Biotech Timeline

Learn how technology has been used to improve the food we grow or eat. Follow the biotech timeline.



10,000 - 9,000 BC

People start planting crops rather than relying on hunting and gathering for food.


6,000 BC

In Mesopotamia, Sumerians use yeast - a type of fungus - to make beer and wine.


5,000 BC

Farming communities in existence.


4,000 BC

Egyptians use yeast to make bread rise.


4,000 BC - 1,600 AD

Early farmers - like those in Egypt and the Americas - saved seeds from plants that produced the best crops and planted them the next year to grow even better crops.


3,000 - 2,000 BC

Peruvians select potatoes (from around 160 wild species) with the lowest levels of poisons and grow them for food.


1700 - 1720

Thomas Fairchild, the forgotten father of the flower garden, creates Europe’s first hybrid plant.


1750 - 1850

European farmers increase cultivation of legumes (to fix nitrogen in the soil) and rotate crops to increase yield.



Austrian monk Gregor Johann Mendel publishes important work on heredity that describes how plant characteristics are passed from generation to generation.


1870 - 1890

Plant researchers crossbreed cotton to develop hundreds of new varieties with superior traits.


1871 - Early 1900s

Researcher Luther Burbank developed the Russet Burbank Potato, and later went on to develop several new hybrid fruits, including plums, berries, prunbes and peaches.



First U.S. hybrid corn produced through self-pollination.



Word ‘biotechnology’ coined by Hungarian immigrant Karl Ereky.



Impact of X-rays and radium on barley mutation described.



Hybrid corn becomes available commercially in the United States, causing corn yields to triple over the past 50 years.



Discovery that chemicals can cause mutations.



Discovery that DNA is genetic molecule - in other words, it is the way genetic information is passed between generations.



Watson and Crick describe the double helix structure of DNA, providing more insight into how DNA carries genetic information.



Understanding of the structure of genes, and how they work deepens.



Work on creating high yield varieties of major grains, especially wheat, corn, millet, and rice massively increase production of these crops in many countries - launching the Green Revolution. The creation of dwarf wheat increases yields by 70%.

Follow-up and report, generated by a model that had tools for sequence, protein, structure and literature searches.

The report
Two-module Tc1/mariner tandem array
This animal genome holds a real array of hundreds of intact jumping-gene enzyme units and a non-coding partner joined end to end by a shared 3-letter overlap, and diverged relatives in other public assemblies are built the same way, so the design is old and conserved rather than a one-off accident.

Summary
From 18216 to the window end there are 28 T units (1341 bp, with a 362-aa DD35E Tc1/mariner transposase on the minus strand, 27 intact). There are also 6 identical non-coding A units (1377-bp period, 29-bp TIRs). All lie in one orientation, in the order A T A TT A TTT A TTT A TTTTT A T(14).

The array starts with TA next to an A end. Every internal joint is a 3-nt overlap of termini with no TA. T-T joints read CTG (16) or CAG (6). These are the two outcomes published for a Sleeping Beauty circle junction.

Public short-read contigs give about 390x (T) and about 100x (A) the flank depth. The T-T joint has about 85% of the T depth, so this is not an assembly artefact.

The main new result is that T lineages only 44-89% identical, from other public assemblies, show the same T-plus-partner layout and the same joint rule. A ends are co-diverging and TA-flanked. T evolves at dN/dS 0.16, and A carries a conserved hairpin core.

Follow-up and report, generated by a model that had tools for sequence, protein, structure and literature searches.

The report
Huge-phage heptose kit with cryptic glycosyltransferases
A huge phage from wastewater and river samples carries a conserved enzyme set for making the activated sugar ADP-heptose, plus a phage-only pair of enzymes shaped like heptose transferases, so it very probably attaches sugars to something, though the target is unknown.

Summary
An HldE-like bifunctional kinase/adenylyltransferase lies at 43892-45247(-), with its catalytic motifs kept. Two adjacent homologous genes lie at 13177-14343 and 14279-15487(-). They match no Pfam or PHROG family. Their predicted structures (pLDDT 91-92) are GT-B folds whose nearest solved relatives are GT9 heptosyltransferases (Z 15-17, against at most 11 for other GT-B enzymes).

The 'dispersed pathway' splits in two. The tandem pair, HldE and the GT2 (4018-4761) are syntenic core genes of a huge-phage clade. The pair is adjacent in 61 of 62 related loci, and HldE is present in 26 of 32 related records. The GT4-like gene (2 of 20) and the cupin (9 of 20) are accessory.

Cohen and Boyer successfully splice a gene from one organism and move it into another, launching the modern biotechnology era.



Boyer’s lab created a synthetic version of the human insulin gene.



The first transgenic plant is produced - a tobacco plant resistant to an antibiotic. The breakthrough paved the way for beneficial traits, such as insect resistance, to be transferred to a plant.



Field trials for biotech plants that are resistant to insects, viruses and bacteria are held in the United States.



Genetic modifications used to make chymosin, an enzyme used in making hard cheese.

Late 1980s/Early 1990s

China first to put GM crops on sale, namely VR tobacco and a tomato.



Transgenic FlavrSavr® tomato is approved for sale in U.S. groceries. It was developed to have more flavor and to have a longer shelf-life than conventionally grown tomatoes.



GM soybeans and corn are approved for sale, and GM cotton is commercialized in the United States. GM crops become the most rapidly adopted technology in the history of agriculture.



GM tomato paste approved in the UK, first GM herbicide tolerant soya beans and insect protected maize approved in the E.U. In total, farmers in six countries plant GM crops on 1.7 million hectares.



German and Swiss scientists develop golden rice, fortified with betacarotene, which stimulates production of Vitamin A that can prevent some forms of blindness.



The first entire plant genome is sequenced, Arabidopsis thaliana, which provides researchers with greater insight into the genes that control specific traits in many other agricultural plants.



U.S. and Canadian scientists develop a transgenic tomato that thrives in salty conditions, a discovery with the potential to create tomatoes and other crops that can grow in marginal conditions.



The National Center for Food and Agricultural Policy (NCFAP) study found that six GM crops planted in the United States - soybeans, corn, cotton, papaya, squash and canola- produced an additional 4 billion pounds of food and fiber on the same acreage, improved farm income by $1.5 billion and reduced pesticide use by 46 million pounds.



Farmers in 18 countries plant GM crops on 67.7 million hectares.



Farmers in 17 countries plant GM crops on 81.0 million hectares.



Farmers in 21 countries plant GM crops on 90.0 million hectares.